Kashmir is all set to get a second saffron park even as the first is being operationalised to process the world’s most expensive spice in the world. Will it wean away Kashmir’s youngsters from stone pelting and add a better flavour to their lives?
Kashmir has usually made global headlines for all the wrong reasons—stone-pelting, terror attacks or demonstrations. India’s first saffron park built at the cost of INR 4 billion has become operational in Pulwama district. Centrally located in the valley of Kashmir, it is often a resting place for adventure tourists.
Also known as the rice bowl of Kashmir, Pulwama is famous all over the world for its saffron cultivation. It is mainly grown in the Karewa lands of Pampore, Kakapora and Pulwama blocks.
Interestingly, Pulwama was in the news for stone pelting and revival of militancy. With the completion of this ‘saffron park’, the Centre and the Jammu & Kashmir government have drawn up plans to provide job opportunities to the Kashmiri youth.
The park has been equipped with hi-tech machinery for processing, drying, grading, packing and marketing saffron. The saffron park will have a quality control lab, e-auction centre, as well as garbage and waste utilisation facilities.
Enthused by the saffron park in Pulwama, the Jammu & Kashmir Government is mulling over setting up a similar park in remote Kishtwar district, in the Pir Panchal region of South Kashmir.
Pulwama and Kishtwar are the only two places in India suitable for growing saffron, especially because of the suitable soil.
The saffron park project was reviewed jointly by visiting Agriculture Minister of Jammu & Kashmir, Ghulam Nabi Lone and Union Agriculture Minister Radha Mohan Singh, in the national capital on Friday.
All marketing solutions will be provided to farmers under one roof in the saffron park.
Registered under the brand name ‘Koshur Kong’, Kashmiri saffron is likely to take on global competition. Iran accounts for 90 percent of global saffron production. Another major producer is Spain, besides Kashmir. However, connoisseurs of saffron vouch that there is nothing to beat Kashmiri saffron in its aroma. Geographic Indicator registration for Kashmiri saffron has also been taken up.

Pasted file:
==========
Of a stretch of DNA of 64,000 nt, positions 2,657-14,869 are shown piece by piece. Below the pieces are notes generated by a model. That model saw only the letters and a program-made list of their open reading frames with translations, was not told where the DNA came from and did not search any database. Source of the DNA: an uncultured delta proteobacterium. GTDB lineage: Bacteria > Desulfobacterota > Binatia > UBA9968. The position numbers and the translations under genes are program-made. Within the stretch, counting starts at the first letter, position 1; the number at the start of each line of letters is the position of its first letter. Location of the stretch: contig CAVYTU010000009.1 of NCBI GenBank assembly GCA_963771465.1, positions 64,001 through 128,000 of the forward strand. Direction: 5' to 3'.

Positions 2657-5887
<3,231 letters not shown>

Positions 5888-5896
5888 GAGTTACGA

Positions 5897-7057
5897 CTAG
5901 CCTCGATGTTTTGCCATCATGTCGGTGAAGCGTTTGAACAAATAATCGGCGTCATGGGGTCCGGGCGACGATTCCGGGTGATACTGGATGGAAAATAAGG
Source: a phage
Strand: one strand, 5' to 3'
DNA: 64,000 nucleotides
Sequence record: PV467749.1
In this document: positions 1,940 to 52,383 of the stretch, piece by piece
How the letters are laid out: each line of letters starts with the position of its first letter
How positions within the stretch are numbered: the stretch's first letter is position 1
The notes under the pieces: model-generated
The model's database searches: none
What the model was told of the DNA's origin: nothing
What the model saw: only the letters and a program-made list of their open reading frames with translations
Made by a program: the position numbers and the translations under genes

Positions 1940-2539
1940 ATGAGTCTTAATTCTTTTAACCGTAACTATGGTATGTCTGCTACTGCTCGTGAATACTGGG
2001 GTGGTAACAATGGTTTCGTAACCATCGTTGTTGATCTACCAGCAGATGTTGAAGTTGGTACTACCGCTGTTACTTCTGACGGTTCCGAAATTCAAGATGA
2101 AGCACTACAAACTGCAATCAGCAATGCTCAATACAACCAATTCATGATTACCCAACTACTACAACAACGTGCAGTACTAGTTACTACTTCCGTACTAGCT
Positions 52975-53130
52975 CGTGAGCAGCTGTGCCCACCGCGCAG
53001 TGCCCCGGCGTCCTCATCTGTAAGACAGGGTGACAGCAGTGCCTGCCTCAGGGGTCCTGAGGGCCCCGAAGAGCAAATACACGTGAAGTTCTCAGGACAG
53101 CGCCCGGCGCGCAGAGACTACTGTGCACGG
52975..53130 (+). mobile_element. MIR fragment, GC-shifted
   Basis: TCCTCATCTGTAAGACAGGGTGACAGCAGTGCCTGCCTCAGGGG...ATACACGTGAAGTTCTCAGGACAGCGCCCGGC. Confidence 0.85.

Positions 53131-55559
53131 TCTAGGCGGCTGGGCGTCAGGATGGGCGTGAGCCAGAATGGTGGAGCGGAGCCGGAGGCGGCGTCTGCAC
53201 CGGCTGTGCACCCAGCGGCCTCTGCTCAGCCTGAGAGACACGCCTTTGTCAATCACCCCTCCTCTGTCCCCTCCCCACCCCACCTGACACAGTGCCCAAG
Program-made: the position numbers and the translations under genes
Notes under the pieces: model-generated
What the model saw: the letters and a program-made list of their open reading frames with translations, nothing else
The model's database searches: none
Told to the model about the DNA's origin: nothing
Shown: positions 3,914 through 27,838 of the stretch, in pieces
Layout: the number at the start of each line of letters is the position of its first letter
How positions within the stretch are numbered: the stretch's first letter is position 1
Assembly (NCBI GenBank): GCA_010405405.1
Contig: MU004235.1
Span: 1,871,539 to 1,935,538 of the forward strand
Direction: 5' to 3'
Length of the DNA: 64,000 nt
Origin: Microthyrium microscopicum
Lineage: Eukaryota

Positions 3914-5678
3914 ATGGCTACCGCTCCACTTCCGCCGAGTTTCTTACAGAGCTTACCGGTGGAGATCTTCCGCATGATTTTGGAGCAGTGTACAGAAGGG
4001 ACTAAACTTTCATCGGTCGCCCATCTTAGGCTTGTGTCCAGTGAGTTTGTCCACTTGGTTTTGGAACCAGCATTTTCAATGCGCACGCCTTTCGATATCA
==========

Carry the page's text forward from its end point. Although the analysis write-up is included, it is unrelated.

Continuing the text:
The ultra-modern facilities at the saffron park laboratory are geared to meet all concerns about adulteration in collaboration with the Spices Board of India. In recent years, scrupulous traders have adulterated saffron and exported them after which the consignments from Kashmir came under scrutiny.
Why is it the most expensive of spices?
Used in several industries—food, pharmaceutical, cosmetic and perfumery— as well as in textile dyes, saffron is the most expensive spice in the world. The price of Kashmiri saffron is INR 180,000 per kg in state-run outlets, whereas saffron imported from Iran and Spain cost around INR 300,000 lakh per kg.
The area under saffron cultivation has declined from 5,707 hectares in 1996–97 to 3,785 hectare in 2014–15, bringing down the production from 3.13 kg per hectare to 1.88 kg per hectare in the last few years.
It takes 75,000 flowers to produce one pound (454 grams) of dried saffron!
The decline in production is also due to the low-intensity conflict in the Kashmir Valley.
Farm-sector observers want irrigation pumps to be provided to the cultivators, as the crop duration is long. India had launched the National Saffron Mission in 2010-11 to rejuvenate saffron cultivation in Jammu and Kashmir. It is to be seen whether the youth take to stone-pelting or processing saffron to spice up their lives. Either way, the Valley will be in the limelight.